By Ellen Barcel
Heritage Park in Mount Sinai has many unique plantings. One really interesting section is the walkway lined with trees representing each of the 50 states. New York’s state tree, along with Vermont, West Virginia and Wisconsin, is the sugar maple (Acer saccharum). A tree native to Long Island, the flowering dogwood (Cornus florida) is the state tree of Missouri and Virginia. Both maple and dogwood do well here. Oak, which also grows well on Long Island in one variety or another, is the state tree of Connecticut, Georgia, Illinois, Maryland and Washington, D.C.
But, in planning this interesting homage to the 50 states, it became clear that not every tree that represents each state would be able to grow in Long Island’s climate or was suitable for the walkway. Hawaii’s state tree, the candlenut, (Aleurites moluccanus, also known as kukui), wouldn’t survive in Long Island’s cold climate, for example. So, Fred Drewes, who planned out the walkway, needed to make substitutions. One was the tree for California.
The dawn redwood has been planted at Heritage Park to represent the state of California. It was chosen since the giant redwood, California’s state tree, is not an ideal tree for the walkway. The giant redwood becomes an enormous tree, overwhelming the surrounding area with an extensive root system. It produces a tremendous amount of shade so very little will grow under it. Its shallow roots mean that the tree can be easily damaged by wind. Hence the decision to plant the related tree.
The dawn redwood (Metasequoisa glyptostroboides) is sometimes called a living fossil. Scientists believed that the tree had gone extinct until it was “rediscovered” in 1941 in China. The fossils of the tree have been found in many parts of the Northern Hemisphere as well going back to the Mesozoic Era. The Mesozoic Era (the time of the dinosaurs) ended approximately 66 million years ago. Since its rediscovery, the tree has become a popular ornamental due to its attractive pyramidal shape and rapid growth.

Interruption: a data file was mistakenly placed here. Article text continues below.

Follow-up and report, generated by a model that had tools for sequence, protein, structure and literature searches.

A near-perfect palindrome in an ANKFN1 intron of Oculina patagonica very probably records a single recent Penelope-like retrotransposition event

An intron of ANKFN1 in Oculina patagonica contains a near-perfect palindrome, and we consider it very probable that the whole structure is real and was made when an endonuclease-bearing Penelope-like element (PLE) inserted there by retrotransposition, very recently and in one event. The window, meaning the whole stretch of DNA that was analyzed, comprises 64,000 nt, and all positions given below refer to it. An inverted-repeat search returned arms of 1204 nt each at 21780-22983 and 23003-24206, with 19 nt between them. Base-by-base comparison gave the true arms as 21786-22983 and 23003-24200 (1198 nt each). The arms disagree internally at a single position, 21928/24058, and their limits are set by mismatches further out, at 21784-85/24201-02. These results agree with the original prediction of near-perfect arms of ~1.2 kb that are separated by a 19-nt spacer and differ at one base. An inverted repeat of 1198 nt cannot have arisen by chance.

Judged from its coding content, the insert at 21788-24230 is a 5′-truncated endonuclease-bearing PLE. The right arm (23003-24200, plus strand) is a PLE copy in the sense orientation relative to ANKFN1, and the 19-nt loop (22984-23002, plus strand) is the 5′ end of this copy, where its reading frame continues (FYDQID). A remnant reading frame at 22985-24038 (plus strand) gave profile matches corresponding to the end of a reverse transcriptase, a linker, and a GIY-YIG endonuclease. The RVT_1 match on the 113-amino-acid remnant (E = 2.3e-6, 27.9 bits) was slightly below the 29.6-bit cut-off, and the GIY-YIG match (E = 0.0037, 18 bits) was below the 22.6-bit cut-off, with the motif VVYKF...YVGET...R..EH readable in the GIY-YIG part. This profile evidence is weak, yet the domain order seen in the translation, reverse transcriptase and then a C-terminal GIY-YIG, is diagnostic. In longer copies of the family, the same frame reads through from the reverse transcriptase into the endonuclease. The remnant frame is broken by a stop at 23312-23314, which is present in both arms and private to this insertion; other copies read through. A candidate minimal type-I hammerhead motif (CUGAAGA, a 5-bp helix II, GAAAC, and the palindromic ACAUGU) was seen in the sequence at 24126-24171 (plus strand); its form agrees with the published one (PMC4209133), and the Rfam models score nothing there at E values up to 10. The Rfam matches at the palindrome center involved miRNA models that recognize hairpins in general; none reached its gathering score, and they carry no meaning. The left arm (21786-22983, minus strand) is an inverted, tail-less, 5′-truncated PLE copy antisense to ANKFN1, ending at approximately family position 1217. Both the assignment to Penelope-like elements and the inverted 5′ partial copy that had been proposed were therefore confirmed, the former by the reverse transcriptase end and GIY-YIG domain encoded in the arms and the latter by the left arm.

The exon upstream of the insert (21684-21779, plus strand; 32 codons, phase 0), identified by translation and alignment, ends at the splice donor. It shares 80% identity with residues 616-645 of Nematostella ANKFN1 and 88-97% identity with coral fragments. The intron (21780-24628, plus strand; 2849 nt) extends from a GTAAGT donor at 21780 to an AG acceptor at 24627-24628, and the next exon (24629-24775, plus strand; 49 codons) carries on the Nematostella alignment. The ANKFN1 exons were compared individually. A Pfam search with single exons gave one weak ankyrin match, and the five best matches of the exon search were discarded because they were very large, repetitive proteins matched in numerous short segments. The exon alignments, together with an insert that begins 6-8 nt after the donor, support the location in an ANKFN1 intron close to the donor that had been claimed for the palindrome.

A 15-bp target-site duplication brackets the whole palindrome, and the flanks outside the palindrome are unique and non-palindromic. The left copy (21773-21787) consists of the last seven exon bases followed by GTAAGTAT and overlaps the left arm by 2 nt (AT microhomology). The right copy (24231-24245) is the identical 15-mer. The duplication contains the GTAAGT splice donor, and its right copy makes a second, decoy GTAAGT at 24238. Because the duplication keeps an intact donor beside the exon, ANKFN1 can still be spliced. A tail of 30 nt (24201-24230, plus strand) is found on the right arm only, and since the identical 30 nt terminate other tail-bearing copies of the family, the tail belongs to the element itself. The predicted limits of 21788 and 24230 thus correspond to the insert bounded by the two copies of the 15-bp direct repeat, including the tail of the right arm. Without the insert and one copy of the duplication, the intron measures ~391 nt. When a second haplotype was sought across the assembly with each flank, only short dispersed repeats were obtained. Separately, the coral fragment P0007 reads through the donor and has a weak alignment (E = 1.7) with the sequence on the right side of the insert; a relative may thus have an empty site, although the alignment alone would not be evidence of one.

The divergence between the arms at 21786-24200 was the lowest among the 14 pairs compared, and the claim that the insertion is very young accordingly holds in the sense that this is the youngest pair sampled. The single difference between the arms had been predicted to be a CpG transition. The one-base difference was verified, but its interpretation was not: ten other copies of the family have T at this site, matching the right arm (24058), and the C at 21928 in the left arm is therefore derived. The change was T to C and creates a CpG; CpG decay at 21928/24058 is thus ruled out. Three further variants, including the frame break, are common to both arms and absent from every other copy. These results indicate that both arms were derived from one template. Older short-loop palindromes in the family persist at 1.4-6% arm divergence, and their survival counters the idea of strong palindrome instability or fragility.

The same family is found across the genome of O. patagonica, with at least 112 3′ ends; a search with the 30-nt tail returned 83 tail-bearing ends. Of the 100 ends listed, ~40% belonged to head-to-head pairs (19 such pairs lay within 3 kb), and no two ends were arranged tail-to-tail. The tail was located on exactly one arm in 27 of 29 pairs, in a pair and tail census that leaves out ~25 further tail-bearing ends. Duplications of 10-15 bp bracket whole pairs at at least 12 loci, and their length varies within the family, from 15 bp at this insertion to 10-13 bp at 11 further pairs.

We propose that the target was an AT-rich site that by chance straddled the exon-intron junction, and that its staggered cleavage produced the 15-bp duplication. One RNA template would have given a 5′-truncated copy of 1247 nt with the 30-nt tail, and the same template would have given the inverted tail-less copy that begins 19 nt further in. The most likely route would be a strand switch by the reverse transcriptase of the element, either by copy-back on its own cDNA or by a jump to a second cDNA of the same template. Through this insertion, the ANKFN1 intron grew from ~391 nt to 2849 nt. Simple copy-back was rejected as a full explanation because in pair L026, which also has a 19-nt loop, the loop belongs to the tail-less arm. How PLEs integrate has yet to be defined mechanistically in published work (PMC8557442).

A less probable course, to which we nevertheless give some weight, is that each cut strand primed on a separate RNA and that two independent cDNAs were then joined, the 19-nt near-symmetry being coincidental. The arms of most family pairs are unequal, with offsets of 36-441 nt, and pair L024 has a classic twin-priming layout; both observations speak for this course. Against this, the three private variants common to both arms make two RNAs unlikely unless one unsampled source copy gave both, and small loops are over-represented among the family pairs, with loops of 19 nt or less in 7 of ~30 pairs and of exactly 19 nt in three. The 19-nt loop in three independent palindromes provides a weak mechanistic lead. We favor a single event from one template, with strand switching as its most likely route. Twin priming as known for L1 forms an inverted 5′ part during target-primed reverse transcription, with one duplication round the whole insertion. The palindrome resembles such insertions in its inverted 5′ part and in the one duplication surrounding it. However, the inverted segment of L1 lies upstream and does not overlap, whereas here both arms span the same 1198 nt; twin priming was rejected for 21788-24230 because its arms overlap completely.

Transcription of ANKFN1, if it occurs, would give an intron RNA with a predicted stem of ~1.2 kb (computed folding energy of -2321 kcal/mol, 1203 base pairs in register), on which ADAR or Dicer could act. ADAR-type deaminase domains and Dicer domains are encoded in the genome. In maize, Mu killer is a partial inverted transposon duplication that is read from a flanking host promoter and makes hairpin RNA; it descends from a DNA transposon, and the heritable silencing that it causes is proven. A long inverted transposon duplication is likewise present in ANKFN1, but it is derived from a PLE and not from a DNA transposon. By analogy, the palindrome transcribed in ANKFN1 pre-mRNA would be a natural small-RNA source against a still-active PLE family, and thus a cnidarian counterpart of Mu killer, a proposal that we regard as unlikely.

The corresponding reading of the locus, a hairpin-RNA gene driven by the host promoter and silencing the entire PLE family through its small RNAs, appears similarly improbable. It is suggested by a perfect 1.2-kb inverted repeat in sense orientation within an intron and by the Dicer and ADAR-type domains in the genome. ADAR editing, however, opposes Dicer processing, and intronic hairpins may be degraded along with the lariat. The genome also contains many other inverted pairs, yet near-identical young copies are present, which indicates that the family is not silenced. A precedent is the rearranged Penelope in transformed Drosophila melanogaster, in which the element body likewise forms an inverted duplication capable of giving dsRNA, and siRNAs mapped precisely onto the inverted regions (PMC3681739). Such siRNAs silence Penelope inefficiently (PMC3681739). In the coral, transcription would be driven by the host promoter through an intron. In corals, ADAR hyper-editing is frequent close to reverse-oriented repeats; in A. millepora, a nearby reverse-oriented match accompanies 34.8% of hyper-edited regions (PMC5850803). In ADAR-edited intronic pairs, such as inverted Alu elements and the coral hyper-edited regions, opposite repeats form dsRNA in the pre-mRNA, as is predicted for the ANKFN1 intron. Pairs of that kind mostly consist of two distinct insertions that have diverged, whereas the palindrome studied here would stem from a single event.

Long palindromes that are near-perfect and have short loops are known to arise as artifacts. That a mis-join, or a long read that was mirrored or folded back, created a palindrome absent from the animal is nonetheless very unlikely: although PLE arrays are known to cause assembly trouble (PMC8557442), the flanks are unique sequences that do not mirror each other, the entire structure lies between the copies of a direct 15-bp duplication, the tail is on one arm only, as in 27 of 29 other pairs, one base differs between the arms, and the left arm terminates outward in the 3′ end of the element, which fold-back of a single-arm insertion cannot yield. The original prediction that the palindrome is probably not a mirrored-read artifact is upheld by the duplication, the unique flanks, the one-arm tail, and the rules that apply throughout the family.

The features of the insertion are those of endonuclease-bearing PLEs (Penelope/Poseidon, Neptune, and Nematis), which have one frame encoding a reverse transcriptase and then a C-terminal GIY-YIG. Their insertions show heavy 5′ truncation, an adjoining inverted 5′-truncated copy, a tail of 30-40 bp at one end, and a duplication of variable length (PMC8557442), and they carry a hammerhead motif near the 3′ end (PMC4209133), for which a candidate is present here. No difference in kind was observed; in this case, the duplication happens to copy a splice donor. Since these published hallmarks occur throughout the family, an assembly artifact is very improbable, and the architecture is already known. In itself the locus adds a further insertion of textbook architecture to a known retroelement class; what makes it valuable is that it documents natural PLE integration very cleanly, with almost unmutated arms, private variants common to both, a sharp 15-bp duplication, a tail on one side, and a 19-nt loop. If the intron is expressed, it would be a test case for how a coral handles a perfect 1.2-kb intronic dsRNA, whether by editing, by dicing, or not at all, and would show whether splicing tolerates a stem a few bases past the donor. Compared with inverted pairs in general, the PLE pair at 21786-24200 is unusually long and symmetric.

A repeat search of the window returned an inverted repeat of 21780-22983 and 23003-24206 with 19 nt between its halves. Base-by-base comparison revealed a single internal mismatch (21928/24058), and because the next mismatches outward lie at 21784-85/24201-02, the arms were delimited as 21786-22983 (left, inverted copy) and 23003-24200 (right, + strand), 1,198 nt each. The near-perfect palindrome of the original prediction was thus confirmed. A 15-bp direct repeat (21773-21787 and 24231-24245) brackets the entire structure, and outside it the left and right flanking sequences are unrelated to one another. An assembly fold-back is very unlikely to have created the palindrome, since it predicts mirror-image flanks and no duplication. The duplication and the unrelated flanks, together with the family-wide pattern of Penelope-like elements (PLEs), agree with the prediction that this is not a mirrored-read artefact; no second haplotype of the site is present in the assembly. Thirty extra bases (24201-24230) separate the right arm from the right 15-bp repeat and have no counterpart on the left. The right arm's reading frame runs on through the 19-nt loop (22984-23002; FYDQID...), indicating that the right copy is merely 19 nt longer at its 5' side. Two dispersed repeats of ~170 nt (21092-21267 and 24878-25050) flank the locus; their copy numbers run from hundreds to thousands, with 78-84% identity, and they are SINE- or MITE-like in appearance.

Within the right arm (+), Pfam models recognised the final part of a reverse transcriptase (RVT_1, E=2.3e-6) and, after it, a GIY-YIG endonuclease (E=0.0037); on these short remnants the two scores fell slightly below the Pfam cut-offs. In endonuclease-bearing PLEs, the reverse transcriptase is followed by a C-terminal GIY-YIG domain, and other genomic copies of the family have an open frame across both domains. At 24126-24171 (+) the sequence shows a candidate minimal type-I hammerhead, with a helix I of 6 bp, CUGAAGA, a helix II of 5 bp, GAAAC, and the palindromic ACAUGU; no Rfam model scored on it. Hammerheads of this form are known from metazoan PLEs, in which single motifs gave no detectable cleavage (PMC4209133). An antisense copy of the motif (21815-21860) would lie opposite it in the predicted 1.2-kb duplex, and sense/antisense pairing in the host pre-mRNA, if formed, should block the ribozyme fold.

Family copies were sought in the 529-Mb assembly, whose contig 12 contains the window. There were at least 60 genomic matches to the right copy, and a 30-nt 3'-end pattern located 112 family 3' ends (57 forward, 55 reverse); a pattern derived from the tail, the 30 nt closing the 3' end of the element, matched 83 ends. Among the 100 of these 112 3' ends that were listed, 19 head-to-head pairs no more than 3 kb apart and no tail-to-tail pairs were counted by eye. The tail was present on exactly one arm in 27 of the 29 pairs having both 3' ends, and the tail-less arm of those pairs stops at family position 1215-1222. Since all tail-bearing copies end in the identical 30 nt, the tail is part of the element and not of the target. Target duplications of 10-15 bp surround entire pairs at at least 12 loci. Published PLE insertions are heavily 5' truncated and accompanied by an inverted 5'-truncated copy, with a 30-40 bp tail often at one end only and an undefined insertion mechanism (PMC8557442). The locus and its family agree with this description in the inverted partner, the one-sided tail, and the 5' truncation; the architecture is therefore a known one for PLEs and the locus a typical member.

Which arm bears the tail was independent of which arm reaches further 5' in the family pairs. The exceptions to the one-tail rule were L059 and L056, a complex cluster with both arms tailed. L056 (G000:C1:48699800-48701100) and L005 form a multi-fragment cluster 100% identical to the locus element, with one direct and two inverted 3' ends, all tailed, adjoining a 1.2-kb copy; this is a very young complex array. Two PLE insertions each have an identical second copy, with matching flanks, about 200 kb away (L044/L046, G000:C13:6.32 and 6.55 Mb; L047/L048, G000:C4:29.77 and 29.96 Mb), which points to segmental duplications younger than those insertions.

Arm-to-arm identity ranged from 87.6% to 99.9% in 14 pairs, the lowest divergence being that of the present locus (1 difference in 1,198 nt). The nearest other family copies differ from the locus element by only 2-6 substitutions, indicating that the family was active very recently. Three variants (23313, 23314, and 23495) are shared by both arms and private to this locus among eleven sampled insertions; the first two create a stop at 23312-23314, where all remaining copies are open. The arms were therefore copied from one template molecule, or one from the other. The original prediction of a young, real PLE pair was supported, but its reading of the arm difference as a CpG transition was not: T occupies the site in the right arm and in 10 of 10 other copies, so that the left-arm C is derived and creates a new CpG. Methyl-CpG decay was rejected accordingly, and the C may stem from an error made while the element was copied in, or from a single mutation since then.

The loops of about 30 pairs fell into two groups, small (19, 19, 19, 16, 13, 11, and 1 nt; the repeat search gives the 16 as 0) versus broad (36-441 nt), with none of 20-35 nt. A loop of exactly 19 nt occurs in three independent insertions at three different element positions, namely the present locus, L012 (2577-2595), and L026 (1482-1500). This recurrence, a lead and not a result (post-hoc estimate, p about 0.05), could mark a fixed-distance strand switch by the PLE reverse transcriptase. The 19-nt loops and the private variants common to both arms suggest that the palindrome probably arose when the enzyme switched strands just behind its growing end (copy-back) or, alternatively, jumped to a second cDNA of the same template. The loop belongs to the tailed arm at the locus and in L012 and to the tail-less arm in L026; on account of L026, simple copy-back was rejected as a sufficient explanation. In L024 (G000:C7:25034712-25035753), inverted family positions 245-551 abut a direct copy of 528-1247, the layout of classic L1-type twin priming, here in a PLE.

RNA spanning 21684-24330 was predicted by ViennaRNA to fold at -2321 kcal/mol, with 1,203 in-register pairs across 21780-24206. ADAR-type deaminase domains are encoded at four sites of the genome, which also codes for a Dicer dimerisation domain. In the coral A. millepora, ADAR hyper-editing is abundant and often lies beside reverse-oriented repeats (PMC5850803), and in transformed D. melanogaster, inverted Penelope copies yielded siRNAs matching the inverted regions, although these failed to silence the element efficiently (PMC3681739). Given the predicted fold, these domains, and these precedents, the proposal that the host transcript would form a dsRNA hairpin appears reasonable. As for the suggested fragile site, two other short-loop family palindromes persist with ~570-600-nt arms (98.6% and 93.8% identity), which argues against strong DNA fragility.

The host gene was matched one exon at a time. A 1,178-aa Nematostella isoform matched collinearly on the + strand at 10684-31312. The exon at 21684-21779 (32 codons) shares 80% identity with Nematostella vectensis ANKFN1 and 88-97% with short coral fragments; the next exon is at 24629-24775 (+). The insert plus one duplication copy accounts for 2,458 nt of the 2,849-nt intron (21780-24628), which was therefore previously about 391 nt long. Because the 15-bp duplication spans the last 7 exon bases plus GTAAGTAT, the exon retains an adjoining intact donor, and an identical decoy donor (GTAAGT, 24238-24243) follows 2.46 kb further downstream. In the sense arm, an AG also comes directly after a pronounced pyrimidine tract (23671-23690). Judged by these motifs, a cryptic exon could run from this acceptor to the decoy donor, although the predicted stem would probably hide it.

A conifer, it has another distinction — it’s deciduous. Usually we expect conifers (cone-bearing plants) to be evergreens, keeping their needles through the winter. Dawn redwood, the smallest of the redwoods is still potentially a large tree. According to the Arbor Day Foundation, it is fast growing and can easily reach 100 feet or more. It does well in zones 5 to 8 with Long Island being zone 7. It prefers full sun and moist, well-drained soil but even tolerates clay soil. While it is widely adaptable, it does best in a soil pH of 4.5 (that’s very acidic), great for Long Island’s soil. It’s pretty much maintenance and disease free.
One of the advantages of a deciduous tree is that with the leaves (or needles in this case) gone in winter, the sun can warm a nearby house. But come the heat of summer, the tree provides shade to cool the area. Needles appear in the spring as light green, darken over the summer and turn reddish-brown in fall. Since it’s fast growing, it can provide privacy fairly quickly. It is somewhat deer resistant (we know that no plant is completely deer proof if the deer are hungry enough) and tolerates pollution; so it can be planted near roadways or in cities. Its deeply grooved bark and branches give the tree winter interest.
The small female cones are uniquely shaped and are on the same tree as the male ones. If you’re really interested in growing one or more dawn redwood, the website www.dawnredwood.org will provide more detailed information.
Take a walk around Heritage Park and look at the various trees planted there. This will give you a good idea of what trees you may want to plant in your own garden. If you decide to plant a dawn redwood, remember that this is a big tree. Give it plenty of room and don’t make the mistake of planting it too close to your house.
Ellen Barcel is a freelance writer and master gardener. To reach Cornell Cooperative Extension of Suffolk County and its Master Gardener program, call 631-727-7850.